The University of Essex has a plan to save the National Health Services billions of pounds per year: outsource treatment of minor ailments to a fleet of automated, AI-powered general practitioners, available right on a smartphone.
Through a partnership with digital and social media company Orbital Media and Innovate UK, a group of developers, data scientists and research will collaborate for 30 months to develop photo realistic avatars that will function as primary physician chatbots. People can access the service to get interactive medical information on things like coughs, colds and flu, which fall into the category of self-treatable conditions that the NHS estimates account for nearly $2.5 billion (2 billion British pounds) per year of wasted healthcare spending.
It’s not quite telemedicine, or even a fully-versed virtual health assistant, but the developers call it a “visual, reliable and robust online health advice service, to meet the rapidly growing demand for online symptom searches.”
The University of Essex project will focus more on general, easy-to-treat conditions, but it fits in with the wave of smarter, medically focused search engines that have been cropping up in a few places as of late. Boston-based startup Buoy just launched their AI-powered, health specific chatbot in effort to change the status quo of people Googling their symptoms into panic-stricken oblivion. Doctor-booking platform provider ZocDoc also released a patient-focused search engine that can understand natural human language, relieving the need for a medical degree in order to accurately search for health information online. And in another NHS project, an AI chatbot called Babylon is being tested for non-emergency medical triage in north central London.
Symptom-checking for rare conditions may not be in the cards with this initiative, but it could reduce demand on overworked primary care physicians in the UK.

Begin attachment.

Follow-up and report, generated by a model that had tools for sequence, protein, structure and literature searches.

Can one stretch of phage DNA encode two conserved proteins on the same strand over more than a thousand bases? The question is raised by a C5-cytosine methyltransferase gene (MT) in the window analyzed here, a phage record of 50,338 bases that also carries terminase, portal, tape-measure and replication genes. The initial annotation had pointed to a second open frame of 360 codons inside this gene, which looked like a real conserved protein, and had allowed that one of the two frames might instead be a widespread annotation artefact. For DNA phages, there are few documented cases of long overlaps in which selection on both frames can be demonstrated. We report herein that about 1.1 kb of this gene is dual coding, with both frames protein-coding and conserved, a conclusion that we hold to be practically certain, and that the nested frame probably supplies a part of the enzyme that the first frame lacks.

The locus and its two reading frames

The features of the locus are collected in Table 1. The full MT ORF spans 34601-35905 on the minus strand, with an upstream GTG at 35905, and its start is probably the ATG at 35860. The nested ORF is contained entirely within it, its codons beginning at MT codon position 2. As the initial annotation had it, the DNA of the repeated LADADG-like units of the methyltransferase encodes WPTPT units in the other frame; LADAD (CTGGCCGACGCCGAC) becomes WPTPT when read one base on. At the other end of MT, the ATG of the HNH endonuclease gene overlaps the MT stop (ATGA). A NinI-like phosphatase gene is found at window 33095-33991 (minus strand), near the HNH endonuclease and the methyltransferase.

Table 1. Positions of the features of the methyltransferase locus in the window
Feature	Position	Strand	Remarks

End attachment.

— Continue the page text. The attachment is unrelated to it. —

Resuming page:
“GPs are currently under immense pressure, with significant amounts of money devoted to dealing with minor ailments," Orbital Media CEO Peter Brady said in a statement. “This comes at a time when the NHS is required to find $27.4 billion (22 billion British pounds) of efficiency savings by 2020. The potential for AI technologies to help relieve pressure from the heavily burdened primary care system is significant.”
Brady noted that even if costs on minor ailment treatment are reduced by 1 percent, the AI technology could still potentially save the NHS almost $25 million (20 million British pounds) per year. Computer scientists working on the project pointed to AI as playing an instrumental role in developing sustainable healthcare delivery models in the future.
“Artificial intelligence and machine learning technology have the potential to transform so many aspects of our everyday lives,” Dr. Luca Citi, of the University’s Computer Science and Electronic Engineering school said in a statement. “We are excited about this opportunity to work with Orbital Media to see how we can share our expertise to have a significant impact on how health services might be delivered in the future."